Samsung Announces 76-Inch MicroLED TV with 240 Hz Refresh Rate, 2-Nanosecond Response Time

Image: Samsung

Samsung is getting slightly closer to its goal of bringing MicroLED to the wider consumer market, according to a new press release from the company that can confirm the development of a new 76-inch MicroLED TV, one of its smallest MicroLED TVs yet, featuring exciting specifications that include a 240 Hz refresh rate and 2-nanosecond response time, making it millions of times faster than many of the gaming monitors on today’s market.

“While many TV innovations involve making displays larger or faster, the 76-inch Micro LED CX (joining our 110-inch Micro LED) redefines ‘state-of-the-art’ for TVs,” reads a statement from Samsung. “Samsung has miniaturized technologies introduced in the breakthrough and award-winning display, The Wall, to create the world’s smallest and most affordable Micro LED screen.”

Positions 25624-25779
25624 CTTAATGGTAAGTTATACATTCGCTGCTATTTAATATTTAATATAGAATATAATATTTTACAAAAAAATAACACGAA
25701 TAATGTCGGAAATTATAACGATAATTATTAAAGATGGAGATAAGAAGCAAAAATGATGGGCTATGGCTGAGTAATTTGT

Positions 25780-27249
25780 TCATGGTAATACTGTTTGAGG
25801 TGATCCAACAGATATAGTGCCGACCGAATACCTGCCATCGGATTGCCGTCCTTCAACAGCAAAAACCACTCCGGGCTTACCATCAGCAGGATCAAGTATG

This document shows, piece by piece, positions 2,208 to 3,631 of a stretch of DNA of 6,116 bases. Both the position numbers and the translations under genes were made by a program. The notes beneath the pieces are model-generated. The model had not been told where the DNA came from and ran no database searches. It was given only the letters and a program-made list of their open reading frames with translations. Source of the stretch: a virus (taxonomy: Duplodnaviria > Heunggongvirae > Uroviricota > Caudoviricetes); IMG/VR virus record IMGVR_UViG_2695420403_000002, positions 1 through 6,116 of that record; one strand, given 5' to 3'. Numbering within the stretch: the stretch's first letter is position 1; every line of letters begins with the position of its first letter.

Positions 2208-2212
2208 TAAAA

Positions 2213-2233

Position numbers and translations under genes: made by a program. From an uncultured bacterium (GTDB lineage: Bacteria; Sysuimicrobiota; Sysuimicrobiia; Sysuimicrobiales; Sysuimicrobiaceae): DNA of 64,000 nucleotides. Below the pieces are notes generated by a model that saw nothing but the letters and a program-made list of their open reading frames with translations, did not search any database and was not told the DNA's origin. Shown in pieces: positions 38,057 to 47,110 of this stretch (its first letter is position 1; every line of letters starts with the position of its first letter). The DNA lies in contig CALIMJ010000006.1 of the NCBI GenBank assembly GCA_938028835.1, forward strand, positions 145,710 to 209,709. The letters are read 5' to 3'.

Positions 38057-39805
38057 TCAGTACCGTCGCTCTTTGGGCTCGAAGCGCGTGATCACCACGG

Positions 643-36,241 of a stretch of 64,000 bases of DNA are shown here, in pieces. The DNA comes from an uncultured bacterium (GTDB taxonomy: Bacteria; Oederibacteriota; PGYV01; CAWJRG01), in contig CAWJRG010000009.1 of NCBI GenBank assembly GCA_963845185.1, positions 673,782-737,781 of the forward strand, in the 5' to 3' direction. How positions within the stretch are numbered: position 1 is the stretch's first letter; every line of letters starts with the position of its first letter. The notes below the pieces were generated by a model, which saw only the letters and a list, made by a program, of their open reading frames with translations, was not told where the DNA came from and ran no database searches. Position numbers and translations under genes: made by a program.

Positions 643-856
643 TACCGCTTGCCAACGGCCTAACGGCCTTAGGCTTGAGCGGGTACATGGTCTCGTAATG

“Between its unmatched screen performance and advanced technologies, Micro LED CX heralds a brighter, more luxurious future for consumer televisions. Additionally, its 20-bit black detail, 240Hz variable refresh rates, and 2-nanosecond response time solidify the 76-inch Micro LED CX’s display as the gold standard of picture quality, no matter what you’re watching or playing. It’s also Samsung’s first Micro LED TV without the need for professional installation, stunning viewers with a 99.9% screen-to-body ratio.”

Samsung didn’t share a price for the MicroLED CX, but it’s sure to be expensive, being that the company priced its 110-inch model at $156,000.

This is more expensive than even LG’s most extravagant OLED TV, the LG SIGNATURE OLED R, a 65-inch rolalble 4K Smart TV that is listed for $99,999.99 on its official website.

“Using tiny LEDs that are substantially smaller than conventional LEDs, the display is powered without backlighting or color filters – just purely sophisticated design, ” reads a blurb for Samsung’s MicroLED technology.

MicroLED is regarded as one of the holy grails of display technology, being that it’s immune to burn-in, one of OLED’s biggest problems.

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